After war was declared with Japan in December 1941, 14 Squadron RAAF based at Pearce, intensified its maritime reconnaissance and anti-submarine patrols along the Western Australian coastline. On 4 March 1942, Lockheed Hudson A16-122, from 14 Squadron RAAF attacked USS Sargo (SS-188), a US Navy submarine returning to Fremantle Submarine Base. The submarine was travelling on the surface and about one day out from Fremantle. They had 31 evacuee passengers on board. 



At 1338 hrs, the port forward lookout spotted and reported a plane dropping out of the cloud cover about 5 miles from the submarine. They recognized that it was an RAAF camouflaged Lockheed Hudson bomber, that was now turning straight for them.

They flashed the recognition signal "Lemon Moon" at the Hudson several times with no response. The Hudson continued its apparent bombing run at the submarine. They immediately cleared the bridge and sounded the diving alarm. The first pair of bombs exploded close aboard their port quarter when they had reached 40 feet. The explosion lifted the stern up out of the water. 

USS Sargo was out of control and going down at a steep angle. After other corrective actions they blew all ballast tanks plus Safety and Bow Buoyancy. This pulled the submarine out of its dive at approximately 300 feet and now she started to speed to the surface with its new buoyancy. They vented the tanks as fast as they could to slow its upward motion but one of the Main Ballast Tanks was stuck. It was eventually vented by hand. As a consequence USS Sargo broached the surface quite spectacularly.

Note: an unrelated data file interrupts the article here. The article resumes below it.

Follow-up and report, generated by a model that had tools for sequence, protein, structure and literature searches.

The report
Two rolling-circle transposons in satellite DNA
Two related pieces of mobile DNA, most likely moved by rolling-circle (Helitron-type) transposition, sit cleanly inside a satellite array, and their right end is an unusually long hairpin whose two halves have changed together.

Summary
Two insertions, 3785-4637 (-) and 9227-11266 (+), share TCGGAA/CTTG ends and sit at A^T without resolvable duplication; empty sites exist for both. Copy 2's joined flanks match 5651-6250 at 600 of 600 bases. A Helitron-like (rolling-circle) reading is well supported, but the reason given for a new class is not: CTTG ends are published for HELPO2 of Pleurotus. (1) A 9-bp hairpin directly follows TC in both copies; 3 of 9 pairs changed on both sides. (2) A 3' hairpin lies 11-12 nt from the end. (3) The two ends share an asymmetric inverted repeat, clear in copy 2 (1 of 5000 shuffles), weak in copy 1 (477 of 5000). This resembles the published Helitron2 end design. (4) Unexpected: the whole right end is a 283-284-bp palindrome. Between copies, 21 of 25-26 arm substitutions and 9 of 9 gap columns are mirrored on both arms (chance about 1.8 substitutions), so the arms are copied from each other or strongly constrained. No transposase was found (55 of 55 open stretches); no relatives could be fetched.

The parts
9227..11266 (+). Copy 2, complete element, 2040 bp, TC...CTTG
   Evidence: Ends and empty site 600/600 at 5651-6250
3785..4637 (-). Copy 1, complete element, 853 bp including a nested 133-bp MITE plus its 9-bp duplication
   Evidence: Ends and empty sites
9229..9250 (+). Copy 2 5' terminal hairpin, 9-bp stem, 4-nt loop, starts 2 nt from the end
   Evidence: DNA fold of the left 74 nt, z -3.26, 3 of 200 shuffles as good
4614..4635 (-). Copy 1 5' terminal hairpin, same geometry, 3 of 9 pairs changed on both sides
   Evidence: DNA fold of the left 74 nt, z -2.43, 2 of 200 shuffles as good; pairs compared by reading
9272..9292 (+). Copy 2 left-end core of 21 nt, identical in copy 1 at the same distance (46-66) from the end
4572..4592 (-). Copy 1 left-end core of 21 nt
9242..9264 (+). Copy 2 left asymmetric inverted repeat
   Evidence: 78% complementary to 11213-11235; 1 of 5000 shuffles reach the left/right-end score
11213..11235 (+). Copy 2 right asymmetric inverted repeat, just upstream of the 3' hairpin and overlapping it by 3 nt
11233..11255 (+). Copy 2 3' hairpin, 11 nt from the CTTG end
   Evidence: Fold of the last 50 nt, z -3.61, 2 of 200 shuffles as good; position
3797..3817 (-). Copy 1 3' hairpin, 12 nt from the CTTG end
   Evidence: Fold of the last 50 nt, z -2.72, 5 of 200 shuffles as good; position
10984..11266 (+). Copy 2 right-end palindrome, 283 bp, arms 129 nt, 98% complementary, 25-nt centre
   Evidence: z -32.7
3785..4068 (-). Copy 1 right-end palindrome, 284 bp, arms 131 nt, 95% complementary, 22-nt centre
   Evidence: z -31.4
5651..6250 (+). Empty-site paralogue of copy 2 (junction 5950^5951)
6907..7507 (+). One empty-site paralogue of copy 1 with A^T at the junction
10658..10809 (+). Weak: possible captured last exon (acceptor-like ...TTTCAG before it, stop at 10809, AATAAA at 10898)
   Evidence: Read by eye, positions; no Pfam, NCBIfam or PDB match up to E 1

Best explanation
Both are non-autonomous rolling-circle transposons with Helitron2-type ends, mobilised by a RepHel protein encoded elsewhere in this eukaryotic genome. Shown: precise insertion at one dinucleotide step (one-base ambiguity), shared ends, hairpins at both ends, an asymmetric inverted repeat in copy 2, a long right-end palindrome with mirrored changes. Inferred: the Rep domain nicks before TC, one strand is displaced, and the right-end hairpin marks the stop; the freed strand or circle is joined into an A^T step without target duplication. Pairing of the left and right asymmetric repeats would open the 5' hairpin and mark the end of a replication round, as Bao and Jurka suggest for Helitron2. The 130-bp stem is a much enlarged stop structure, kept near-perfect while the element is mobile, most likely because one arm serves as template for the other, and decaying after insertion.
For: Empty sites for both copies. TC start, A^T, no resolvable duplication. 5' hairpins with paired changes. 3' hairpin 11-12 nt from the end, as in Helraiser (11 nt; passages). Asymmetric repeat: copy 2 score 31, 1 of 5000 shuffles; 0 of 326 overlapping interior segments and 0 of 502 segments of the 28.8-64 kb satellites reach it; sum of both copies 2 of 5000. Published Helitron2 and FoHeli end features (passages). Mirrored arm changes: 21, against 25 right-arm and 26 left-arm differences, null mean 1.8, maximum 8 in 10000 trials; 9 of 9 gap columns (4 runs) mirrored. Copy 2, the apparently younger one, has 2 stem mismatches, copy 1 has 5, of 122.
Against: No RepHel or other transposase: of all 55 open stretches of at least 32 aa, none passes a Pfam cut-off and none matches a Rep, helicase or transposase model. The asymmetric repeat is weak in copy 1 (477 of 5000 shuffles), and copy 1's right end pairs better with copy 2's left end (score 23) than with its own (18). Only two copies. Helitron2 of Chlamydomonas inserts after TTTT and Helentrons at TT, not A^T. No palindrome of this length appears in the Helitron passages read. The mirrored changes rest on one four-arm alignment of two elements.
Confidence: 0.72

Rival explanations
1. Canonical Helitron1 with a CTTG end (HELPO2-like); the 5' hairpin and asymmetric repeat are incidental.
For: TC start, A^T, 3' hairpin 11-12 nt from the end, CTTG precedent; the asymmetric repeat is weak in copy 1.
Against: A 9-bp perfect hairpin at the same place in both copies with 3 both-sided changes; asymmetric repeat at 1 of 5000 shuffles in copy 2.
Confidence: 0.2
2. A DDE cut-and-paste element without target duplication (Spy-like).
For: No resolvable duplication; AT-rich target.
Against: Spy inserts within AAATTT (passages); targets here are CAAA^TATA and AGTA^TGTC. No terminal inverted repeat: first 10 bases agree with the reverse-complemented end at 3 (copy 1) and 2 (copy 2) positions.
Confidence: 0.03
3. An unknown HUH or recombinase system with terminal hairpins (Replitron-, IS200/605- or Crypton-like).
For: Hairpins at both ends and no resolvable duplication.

They now started to dive again to elude the next load of bombs from the Hudson bomber. A second pair of bombs exploded when they were at about 50 feet of keel depth. The bombs went off very close to their starboard beam. 

This second lot of bombs led to a loss of all electric power. Most lights and gauges and the optics in both periscopes were all shattered. The Conning Tower door, the Conning Tower upper hatch, and the After Battery hatch were all damaged. The USS Sargo was taking water at these damaged locations. 

90 seconds later the Electrician's Mate managed to restore power temporarily. They discovered that if they stayed at a certain depth the water pressure would close the warped door and hatches and minimise the leaks. They continued at this depth until darkness came and then they finally surfaced. They contacted Fremantle base about the incident and were told that the Australian Hudson crew would be at the wharf to apologise. The Hudson crew came aboard the USS Sargo when it arrived and moored against the tender ship Holland. There were many handshakes and sincere apologies.

The submarine was badly damaged. The pilot was later exonerated after a Court of Inquiry. USS Sargo left Fremantle on her fourth war patrol on 8 June 1942.


I'd like to thank Jeff McKenzie and Gordon Birkett for their assistance with this home page.



"Flying Squadrons of the Australian Defence Force"
by Steve Eather

"The Saga of Bob Rose and Sargo's Welcome to Australia"
By Doug Rhymes


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This page first produced 30 September 2001

This page last updated 11 March 2017